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The Call of Classical Literature in the Romantic Age$
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K. P. Van Anglen and James Engell

Print publication date: 2017

Print ISBN-13: 9781474429641

Published to Edinburgh Scholarship Online: January 2019

DOI: 10.3366/edinburgh/9781474429641.001.0001

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Pilgrimage and Epiphany: The Psychological and Political Dynamics of Margaret Fuller’s Mythmaking

Pilgrimage and Epiphany: The Psychological and Political Dynamics of Margaret Fuller’s Mythmaking

Chapter:
(p.193) Chapter 7 Pilgrimage and Epiphany: The Psychological and Political Dynamics of Margaret Fuller’s Mythmaking
Source:
The Call of Classical Literature in the Romantic Age
Author(s):

Jeffrey Steele

Publisher:
Edinburgh University Press
DOI:10.3366/edinburgh/9781474429641.003.0008

This essay opens up Margaret Fuller’s deep interest in, and wide acquaintance with, classical and other ancient mythologies, a sorely neglected subject. Fuller emerges as someone who tried to find comfort and solace in ancient myths, often identifying with female figures in them. Throughout, issues of what today we call feminism surface, not only in political and social contexts but also in that of the inner life of the psyche. Her use of ancient myths and creation of new, original myths sharply contrasts with Ralph Waldo Emerson, who did not understand her deep need to apply this aspect of Greco-Roman religion to a personal and professional situation.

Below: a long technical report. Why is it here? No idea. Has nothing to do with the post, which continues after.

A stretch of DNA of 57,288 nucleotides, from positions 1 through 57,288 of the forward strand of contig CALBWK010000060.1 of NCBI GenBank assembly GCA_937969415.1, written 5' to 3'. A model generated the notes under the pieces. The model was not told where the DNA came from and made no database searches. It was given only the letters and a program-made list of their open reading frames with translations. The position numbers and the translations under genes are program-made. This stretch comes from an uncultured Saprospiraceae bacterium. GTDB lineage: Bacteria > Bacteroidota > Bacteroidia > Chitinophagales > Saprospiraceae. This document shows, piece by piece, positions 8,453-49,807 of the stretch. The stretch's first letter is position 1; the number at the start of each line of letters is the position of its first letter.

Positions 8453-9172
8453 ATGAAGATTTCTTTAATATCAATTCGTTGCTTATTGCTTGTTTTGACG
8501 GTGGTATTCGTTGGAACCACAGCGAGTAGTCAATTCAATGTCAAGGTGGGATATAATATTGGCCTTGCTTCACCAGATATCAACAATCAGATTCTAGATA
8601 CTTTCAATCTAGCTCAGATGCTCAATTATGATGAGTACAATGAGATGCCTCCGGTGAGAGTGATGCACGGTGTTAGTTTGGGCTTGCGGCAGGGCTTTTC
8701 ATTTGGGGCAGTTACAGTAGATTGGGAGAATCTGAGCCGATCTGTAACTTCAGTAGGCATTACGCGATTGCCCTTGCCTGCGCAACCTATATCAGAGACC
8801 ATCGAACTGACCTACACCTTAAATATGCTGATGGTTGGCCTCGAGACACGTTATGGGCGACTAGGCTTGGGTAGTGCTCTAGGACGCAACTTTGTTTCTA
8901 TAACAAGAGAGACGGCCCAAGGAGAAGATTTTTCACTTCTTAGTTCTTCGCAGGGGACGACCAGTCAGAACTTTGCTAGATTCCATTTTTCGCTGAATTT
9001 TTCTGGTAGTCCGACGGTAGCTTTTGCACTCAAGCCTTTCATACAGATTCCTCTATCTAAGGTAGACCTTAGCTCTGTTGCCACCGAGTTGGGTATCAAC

Keywords:   Margaret Fuller, mythology, myth, feminism, inner life

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